taken on street, alley closure requests
The Cottonwood City Council held a public hearing on a couple of alley and street closure requests and later took action at the October meeting of the council which was held Wednesday, Oct. 13.
A request by Mike and Denise Nuxoll to close the alley between Smith and North Streets was denied. The Planning and Zoning Commission had recommended the denial due to the sewer line in that alley.
Larry and Gladys Sonnen requested closure of Hogan and Foster Streets from Prairie View to Highway 95 and closure of the alley between Hogan and Foster. The council voted to grant the request and vacate the alley and Hogan Street but voted to keep Foster open and put up signage that it is a dead end. Mrs. Sonnen had said over the years several people had tried to get to Highway 95 by way of Foster, which was one of the reasons for their closure request. The alley and that portion of Hogan St. don’t go anywhere and are unlikely to ever be opened by the city. Since the Sonnen’s own the surrounding properties, title to those rights-of-way would revert to them.
In his water report Martin Fowler noted that consumption is down with less than 5 million gallons pumped in September. Leakage is also down with 3.7 millions gallons billed for a loss of under 19%, the lowest in a long, long time. Fowler reported the pumps are all holding up well as is the computerized telecommunication control system.
Fowler also reported that the Lions Club is continuing their bike path replacement project at the City Park. They’re replacing about 540 ft. of path this year and when finished about two-thirds of the project will be completed. 31 yards of concrete were poured.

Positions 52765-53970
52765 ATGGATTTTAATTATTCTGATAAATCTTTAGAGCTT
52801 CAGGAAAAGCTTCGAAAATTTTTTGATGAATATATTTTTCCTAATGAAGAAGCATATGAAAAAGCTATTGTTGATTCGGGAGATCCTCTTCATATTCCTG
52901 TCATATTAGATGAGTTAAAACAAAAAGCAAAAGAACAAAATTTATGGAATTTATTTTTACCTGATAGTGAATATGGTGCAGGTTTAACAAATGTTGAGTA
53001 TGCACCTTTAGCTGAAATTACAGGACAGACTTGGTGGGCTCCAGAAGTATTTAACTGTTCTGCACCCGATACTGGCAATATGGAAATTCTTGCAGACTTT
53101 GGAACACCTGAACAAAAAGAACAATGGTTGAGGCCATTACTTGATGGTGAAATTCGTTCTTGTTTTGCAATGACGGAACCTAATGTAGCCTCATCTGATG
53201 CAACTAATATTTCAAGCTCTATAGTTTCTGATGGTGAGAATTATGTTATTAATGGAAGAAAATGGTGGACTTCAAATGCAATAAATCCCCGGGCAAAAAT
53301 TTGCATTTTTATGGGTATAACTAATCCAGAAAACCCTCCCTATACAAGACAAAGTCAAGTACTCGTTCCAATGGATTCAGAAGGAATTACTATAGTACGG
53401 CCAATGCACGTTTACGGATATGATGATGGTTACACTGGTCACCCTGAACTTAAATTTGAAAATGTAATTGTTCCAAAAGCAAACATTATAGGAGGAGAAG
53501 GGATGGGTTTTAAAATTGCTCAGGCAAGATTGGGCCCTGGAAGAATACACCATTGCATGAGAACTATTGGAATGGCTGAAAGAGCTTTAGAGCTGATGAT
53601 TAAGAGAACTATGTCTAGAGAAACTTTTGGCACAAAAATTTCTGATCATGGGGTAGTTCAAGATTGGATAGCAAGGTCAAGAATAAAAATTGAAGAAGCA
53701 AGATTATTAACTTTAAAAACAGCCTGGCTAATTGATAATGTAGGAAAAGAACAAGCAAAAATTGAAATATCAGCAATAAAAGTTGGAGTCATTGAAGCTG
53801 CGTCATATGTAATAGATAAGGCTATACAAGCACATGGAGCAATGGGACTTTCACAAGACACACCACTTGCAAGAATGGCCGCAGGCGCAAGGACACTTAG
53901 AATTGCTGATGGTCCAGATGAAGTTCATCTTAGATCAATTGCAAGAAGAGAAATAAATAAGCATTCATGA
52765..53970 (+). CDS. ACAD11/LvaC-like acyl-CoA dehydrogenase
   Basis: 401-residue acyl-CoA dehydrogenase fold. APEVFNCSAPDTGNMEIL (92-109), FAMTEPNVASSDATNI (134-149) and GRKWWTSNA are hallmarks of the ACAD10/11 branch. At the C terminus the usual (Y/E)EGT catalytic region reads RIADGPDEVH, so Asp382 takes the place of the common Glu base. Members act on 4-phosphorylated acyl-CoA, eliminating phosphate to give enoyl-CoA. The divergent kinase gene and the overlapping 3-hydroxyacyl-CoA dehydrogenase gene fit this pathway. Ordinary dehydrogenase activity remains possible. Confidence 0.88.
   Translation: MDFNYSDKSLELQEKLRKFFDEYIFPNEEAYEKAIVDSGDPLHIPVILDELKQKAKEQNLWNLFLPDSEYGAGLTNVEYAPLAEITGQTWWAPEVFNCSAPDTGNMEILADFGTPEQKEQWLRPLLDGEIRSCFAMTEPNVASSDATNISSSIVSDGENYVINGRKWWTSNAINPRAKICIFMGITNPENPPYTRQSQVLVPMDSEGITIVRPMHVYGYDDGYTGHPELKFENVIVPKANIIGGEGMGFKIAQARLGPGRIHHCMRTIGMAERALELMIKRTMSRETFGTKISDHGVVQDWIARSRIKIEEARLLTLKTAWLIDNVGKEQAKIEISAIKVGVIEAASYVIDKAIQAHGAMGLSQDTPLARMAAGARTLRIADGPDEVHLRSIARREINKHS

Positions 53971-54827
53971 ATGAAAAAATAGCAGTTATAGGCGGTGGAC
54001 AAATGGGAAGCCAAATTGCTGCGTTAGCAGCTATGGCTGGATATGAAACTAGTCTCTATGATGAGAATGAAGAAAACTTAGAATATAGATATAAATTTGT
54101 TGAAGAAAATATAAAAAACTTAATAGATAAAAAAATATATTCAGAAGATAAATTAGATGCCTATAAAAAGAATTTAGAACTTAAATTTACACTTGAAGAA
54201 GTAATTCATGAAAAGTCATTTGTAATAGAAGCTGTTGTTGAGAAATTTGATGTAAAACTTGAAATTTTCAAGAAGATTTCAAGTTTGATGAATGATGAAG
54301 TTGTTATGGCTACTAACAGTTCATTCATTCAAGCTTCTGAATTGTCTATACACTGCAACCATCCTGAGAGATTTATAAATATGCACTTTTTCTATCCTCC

Max Nuxoll reported that the city has requested to continue sprinkling in the agriforest into October as the creek flows are still low. They will probably continue sprinkling until the weather change stops them.
Nuxoll reported the testing is still showing the levels a little high in the discharge.
Jack Duman reported the sealcoating has been finished for this year on the streets ad that they’ve done lots of patching.
Bids have been let for a new grader with opening set for Oct. 22 at 4:30 p.m.
Duman reported that Planning and Zoning has been working on a sidewalk plan and prioritizing where new and replacement sidewalks are needed the most. Input is appreciated from the public.
He is also working up an order for street signs as they have grant money for such through the road district cooperative.
Shelli Schumacher reported they’ve put flags up at the ballfield complex where new trees are planned. She also reported that the refrigerators at the hall need to be replaced as they’re too small and don’t have enough shelving for what most events need. Mayor Denis Duman said soda pop coolers probably would be ideal if they could get them.
Mayor Duman reported that 4 firemen went to Lewiston for training as part of a Homeland Security grant. Idaho State University sponsored the training. Homeland Security is emphasizing that they want reporting of incidents and development of an incident command system.
The council decided to table any action on a Snake River Basin Agreement resolution until such time as it can be shown the city would be affected.
The council discussed switching to wireless Internet service. Installation costs are high but monthly costs would be less. The council voted to table the matter to next month’s meeting to get more information on whether they would need 2 hook-ups at city hall. Currently they have a dedicated line for the police department computer as a condition of the Child Find program. Nuxoll questioned whether they’d need the separate installation with wireless. The clerk’s office has the fax and computer modem sharing a phone line.
The council adjourned at 9:05 p.m. The next regular meeting will be Monday, Nov. 15 at 8 p.m. with a special meeting set for Friday, Oct. 22 at 4:30 to open the grader bids.